Hi Jane, both a recording of the forum and the slideshow will be shared on our project page www.brooklinema.gov/urbanforest
Hi Kathleen, we will be discussing gas leaks a little later on in the presentation!
Thank you Ellen! We will be sure to avoid this in future presentations and in the final plan itself.
Thank you, Julia. Great point. And native vs. non-native will be a consideration, Sarah!
Hi Dlonne, at the moment Kyle isn't responding to any particular questions or comments. He's just reviewing the stem-by-stem inventory data.
And thanks, Linda. That will certainly be discussed in the plan.
Oh, apologies Faisal. I will copy and paste questions prior to responding in the future!
"Would it be possible for the mapping of existing tree species/health to be correlated with areas that are subject to precipitation based flood inundation?" That's a great idea, Pallavi! I will pass that idea along to Kyle.
"another consideration is habitat for birds and small animals." Very true, Ellen. Thank you.
"also, there seem to be some locations where there is frequent tree replacement (presumably because the trees in those locations have problems). is anyone thinking about why this happens and what can be done to change it (maybe the species, maybe other issues)." Great point, Ellen. This is something we are definitely thinking about. The recommendations coming out of this master plan should provide some information to help inform both our species choices and operation best practices.
I'm glad to hear you're planning to do a deeper dive into the gas leaks history, replantings in gas leaks areas, etc. I live in precinct 5 where there is a very high level of gas leaks and low density of street trees - they're planted along Cypress St. and then die. Why??
I may be wrong but at least on Harvard St. in CC, young trees keep getting planted and then are allowed to dry out. they just don’t have the depth of roots to access water in table.
"how much of any of your conclusions will be affected by the increasing number of taller buildings?" That's a great question, Ellen. We will certainly pass it along to Kyle to consider while developing recommendations.
Hi Sarah and Julia - thank you for your comments about young trees dying across Town. We've been particularly hit hard this summer due to the drought. But this is also definitely something that the recommendations that come out of this plan will address.
Julia, those trees are also located near active gas leaks which could be affecting them.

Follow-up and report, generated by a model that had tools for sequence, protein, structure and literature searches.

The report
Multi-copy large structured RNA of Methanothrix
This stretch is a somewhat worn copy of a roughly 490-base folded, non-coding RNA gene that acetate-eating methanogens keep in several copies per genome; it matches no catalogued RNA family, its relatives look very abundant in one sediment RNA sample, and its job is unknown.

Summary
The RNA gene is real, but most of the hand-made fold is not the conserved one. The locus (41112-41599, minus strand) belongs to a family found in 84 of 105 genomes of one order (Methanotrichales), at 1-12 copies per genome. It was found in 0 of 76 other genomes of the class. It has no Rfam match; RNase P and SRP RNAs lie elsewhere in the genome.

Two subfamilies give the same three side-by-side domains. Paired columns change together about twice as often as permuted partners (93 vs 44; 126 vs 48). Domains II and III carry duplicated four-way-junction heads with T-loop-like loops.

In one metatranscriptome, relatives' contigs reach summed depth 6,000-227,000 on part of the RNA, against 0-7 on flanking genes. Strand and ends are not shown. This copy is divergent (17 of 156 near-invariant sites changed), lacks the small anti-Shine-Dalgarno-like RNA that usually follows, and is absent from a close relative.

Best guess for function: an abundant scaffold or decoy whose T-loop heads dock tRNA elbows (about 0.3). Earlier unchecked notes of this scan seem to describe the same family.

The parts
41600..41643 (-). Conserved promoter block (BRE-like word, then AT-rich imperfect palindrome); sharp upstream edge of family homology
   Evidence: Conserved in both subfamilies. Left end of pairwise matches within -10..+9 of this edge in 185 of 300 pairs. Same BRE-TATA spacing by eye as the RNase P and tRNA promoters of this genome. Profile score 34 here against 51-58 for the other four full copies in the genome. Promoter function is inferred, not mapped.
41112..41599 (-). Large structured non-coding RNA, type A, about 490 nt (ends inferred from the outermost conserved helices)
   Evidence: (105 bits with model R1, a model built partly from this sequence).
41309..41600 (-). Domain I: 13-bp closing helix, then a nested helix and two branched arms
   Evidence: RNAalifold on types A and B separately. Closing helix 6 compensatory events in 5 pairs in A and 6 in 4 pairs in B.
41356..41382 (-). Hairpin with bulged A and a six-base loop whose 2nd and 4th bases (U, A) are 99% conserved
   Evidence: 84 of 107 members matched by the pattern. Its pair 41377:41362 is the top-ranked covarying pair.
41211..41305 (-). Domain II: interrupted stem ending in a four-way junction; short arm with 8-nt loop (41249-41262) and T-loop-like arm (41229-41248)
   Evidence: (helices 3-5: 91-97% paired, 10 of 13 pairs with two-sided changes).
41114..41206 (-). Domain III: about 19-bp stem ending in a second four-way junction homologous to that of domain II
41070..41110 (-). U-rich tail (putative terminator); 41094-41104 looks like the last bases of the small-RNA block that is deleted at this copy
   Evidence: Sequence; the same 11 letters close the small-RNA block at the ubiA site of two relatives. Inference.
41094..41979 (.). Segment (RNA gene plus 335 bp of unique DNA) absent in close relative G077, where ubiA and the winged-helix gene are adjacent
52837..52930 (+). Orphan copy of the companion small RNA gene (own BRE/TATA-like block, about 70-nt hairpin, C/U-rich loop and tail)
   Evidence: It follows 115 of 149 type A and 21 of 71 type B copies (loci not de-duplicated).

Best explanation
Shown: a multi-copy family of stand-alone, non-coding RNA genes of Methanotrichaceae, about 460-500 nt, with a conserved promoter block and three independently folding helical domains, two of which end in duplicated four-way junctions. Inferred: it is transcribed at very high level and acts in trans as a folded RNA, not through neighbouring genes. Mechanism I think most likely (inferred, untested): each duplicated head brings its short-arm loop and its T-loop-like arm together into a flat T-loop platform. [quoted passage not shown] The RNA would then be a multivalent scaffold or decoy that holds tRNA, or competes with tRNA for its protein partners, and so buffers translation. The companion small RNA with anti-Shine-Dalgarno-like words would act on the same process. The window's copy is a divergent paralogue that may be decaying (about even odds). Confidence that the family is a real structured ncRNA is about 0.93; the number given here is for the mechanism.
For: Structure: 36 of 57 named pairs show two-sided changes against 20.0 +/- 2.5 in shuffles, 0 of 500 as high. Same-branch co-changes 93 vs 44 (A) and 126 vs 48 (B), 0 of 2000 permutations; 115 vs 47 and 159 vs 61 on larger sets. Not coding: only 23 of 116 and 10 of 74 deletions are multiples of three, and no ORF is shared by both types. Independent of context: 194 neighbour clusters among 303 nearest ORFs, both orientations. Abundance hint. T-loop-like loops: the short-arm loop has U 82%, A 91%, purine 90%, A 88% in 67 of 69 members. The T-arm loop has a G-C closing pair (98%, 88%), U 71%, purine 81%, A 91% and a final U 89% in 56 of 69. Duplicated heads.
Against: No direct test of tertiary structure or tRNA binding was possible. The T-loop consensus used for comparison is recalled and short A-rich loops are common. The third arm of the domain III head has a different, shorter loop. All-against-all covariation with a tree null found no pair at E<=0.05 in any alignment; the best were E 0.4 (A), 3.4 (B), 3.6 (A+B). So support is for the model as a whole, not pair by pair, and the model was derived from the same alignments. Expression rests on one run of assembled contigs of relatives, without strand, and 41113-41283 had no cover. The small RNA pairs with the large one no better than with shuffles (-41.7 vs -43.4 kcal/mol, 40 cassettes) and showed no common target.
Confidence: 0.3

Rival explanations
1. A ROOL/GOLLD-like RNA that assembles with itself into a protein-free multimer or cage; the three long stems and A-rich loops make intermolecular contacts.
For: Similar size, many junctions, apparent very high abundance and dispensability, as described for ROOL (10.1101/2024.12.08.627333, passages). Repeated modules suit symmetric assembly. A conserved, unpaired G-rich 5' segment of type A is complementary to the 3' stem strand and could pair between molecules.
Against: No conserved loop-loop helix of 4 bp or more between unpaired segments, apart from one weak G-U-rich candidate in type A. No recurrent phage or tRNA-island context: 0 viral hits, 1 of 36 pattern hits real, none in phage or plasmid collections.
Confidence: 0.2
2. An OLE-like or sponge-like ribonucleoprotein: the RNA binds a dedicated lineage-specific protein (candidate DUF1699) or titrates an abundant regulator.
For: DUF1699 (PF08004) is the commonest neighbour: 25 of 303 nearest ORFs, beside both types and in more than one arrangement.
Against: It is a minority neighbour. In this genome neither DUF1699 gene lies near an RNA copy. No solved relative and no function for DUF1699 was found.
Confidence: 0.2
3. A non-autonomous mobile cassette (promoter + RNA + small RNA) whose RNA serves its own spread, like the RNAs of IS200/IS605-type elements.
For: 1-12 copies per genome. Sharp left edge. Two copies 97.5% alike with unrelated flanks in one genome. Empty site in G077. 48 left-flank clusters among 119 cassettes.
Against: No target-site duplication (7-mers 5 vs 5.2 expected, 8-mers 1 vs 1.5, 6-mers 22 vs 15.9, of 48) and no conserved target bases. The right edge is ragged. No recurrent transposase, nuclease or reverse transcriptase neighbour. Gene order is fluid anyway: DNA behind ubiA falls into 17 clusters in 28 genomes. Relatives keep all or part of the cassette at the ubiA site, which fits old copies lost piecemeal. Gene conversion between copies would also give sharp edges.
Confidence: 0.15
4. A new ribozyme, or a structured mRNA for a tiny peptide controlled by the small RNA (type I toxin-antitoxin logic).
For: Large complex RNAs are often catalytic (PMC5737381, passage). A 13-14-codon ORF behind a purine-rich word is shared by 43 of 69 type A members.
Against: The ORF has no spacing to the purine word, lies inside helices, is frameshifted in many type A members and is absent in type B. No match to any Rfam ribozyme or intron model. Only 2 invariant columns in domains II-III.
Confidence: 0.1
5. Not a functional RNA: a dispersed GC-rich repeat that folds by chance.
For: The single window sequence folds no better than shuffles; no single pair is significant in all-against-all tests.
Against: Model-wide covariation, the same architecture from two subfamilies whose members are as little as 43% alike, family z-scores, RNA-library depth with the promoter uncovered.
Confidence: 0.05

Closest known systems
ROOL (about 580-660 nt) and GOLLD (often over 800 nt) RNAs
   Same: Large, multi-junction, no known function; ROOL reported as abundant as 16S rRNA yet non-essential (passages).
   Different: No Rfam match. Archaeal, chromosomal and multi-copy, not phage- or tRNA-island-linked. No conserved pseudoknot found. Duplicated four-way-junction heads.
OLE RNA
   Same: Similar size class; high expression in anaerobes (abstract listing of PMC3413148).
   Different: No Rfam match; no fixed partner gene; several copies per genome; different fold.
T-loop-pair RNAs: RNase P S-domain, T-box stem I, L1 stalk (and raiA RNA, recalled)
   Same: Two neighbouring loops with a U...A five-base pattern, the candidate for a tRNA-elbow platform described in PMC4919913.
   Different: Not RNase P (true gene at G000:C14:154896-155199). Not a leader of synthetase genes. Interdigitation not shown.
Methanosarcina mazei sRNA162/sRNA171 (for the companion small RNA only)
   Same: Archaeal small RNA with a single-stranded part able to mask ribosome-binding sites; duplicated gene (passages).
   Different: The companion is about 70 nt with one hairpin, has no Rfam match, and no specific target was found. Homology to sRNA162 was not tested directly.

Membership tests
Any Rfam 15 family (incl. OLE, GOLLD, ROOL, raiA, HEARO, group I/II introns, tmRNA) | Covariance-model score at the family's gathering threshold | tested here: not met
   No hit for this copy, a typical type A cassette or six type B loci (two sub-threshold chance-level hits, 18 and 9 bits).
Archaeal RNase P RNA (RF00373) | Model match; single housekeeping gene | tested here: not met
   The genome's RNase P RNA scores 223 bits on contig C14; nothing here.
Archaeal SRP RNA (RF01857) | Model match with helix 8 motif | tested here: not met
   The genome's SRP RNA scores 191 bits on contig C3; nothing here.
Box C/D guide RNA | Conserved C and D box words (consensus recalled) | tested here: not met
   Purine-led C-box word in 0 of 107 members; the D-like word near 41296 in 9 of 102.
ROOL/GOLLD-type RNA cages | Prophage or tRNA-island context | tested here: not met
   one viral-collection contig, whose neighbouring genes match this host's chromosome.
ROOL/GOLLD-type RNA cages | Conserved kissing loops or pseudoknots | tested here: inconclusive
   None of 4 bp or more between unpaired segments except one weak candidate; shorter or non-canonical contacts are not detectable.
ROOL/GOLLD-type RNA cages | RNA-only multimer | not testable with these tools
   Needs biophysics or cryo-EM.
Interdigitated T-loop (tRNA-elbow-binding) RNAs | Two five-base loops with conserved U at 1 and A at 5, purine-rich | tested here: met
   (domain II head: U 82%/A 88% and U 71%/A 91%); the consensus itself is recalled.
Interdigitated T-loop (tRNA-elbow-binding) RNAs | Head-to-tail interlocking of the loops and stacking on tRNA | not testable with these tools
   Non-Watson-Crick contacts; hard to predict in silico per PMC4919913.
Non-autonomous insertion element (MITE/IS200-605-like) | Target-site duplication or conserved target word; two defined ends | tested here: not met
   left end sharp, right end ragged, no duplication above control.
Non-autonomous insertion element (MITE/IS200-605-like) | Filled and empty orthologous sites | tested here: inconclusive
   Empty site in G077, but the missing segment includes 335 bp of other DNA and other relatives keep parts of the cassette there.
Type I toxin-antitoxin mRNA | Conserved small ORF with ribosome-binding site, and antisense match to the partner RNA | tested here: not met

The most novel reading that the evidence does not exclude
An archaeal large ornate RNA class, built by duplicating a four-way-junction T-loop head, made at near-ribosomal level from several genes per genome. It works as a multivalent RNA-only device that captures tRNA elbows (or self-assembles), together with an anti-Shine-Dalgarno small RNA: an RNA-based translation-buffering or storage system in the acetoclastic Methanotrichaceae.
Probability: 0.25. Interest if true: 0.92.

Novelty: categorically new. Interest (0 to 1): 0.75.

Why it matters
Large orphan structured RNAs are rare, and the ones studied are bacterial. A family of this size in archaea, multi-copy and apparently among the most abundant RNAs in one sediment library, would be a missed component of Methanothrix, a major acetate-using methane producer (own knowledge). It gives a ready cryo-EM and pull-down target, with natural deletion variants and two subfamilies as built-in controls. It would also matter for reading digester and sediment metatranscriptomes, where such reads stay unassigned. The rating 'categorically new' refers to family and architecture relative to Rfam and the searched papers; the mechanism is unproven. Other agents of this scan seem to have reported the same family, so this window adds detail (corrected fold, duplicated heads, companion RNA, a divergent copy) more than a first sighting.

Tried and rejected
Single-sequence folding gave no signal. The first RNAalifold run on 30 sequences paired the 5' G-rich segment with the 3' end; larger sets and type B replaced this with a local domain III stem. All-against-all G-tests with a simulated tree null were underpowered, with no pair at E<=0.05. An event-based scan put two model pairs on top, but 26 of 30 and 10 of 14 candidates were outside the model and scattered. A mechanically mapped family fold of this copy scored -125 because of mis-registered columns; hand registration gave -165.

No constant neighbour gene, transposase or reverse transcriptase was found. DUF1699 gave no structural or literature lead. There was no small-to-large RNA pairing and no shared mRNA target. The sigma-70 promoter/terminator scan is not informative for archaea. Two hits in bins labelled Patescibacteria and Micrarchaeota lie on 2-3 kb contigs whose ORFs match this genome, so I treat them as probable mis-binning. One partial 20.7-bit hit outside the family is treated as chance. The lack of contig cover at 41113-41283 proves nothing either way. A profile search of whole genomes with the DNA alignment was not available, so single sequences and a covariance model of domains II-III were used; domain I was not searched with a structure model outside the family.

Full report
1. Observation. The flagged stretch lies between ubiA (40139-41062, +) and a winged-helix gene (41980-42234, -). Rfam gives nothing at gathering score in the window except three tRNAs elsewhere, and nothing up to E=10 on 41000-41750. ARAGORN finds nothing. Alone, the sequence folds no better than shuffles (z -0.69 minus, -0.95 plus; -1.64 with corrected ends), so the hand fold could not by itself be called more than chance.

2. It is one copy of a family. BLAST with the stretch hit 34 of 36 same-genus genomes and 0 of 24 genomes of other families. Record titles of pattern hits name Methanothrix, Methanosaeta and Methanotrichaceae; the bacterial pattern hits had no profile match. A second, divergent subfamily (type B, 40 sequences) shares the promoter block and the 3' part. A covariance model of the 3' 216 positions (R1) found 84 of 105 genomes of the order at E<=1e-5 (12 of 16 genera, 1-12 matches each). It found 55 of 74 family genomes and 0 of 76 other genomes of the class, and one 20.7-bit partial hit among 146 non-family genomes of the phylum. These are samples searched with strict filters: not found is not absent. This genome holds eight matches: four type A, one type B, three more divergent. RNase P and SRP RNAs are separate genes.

"Is there an analysis of the # of trees vulnerable to or killed by gas leaks?" Hi Jane! As Kyle mentioned earlier in the presentation, we are collaborating with HEET as part of this project to look at gas leaks and their impact on trees.
Hi Michael and Ellen. Thank you for your comments on the vulnerable populations that Indrani discussed. These Environmental Justice Neighborhoods are defined by the Massachusetts Executive Office of Energy and Environmental Affiars using most recent Census data.
Thanks Katie but it still does not make sense.
Gotcha - thanks Michael. We can certainly discuss this at the end of the presentation when we open up for comments and questions!
Re. Food Forests and Vulnerable Populations -I know that urban municipalities traditionally have not planted fruiting trees because of the debris they leave on the street. However, have we considered planting trees that offer fruit as food in low income and vulnerable areas (especially) to replace trees that have been lost in those areas? This offers the double benefit of carbon sinking (etc.) and offering a free source of food for the local communities.
Yes. Congratulations Erin!!
As part of this study, could we look at adding food waste collection in our parks as we do the trash and recycling. The food waste could then be used as compost to feed our trees! This will also reduce our trash significantly.
I am thinking that we should talk in person to each abutter of a new tree and possibly give them a Tree-Gator watering bag so they can water more easily. When no bag is used, water tends to run off into the street.
Type in wrong window I think: David Lowe (You) 07:09 PMExc. presentation! Thx for all the detailed work! On the question of managing Norway Maple on private lands (or other trees), will Town be able to provide guidance? Also, can residents and community associations, etc. be engaged to collaborate with the town? Thanks! David Lowe, Pct. 11 TMM and CAB BoardDavid Lowe (You) 07:19 PMDoor hangers are great! They would be useful also to warn abutters when a tree is scheduled to be cut. On Mason Terrace, we returned home to find our c. century-old Ginko vanished! We were surprised. Replacement sappling died :-( David Lowe
slow streets and narrowed streets. we should not be too single minded. we also need to consider fire department ancces, and,hopefully very unlikely, but necessary to consider, evacuation in case of emergency.
as climate changes, 'native' tree habitat will migrate.
Great presentation — strong foundation for creating an action plan. Congratulations to Brookline for appointing a great DPW Commissioner.
This presentation makes me think Robinson Park redesign should include a LOT of shade trees since it's an area in precint 5 where many will want to be in shade on very hot days. The streets are very hot - heat deserts galore unfortunately.
Thank you, Tom. Those were the issues I thought might be problematic, along with pest management. The allergen issue is new to me.
"Are the regulations for public trees in place in Cambridge being looked at? will the presentation be available on line?" - Hi Roslyn, we are definitely in contact with Cambridge, especially since they are developing their own Urban Forestry Master Plan! You can find our presentation on our project page www.brooklinema.gov/urbanforest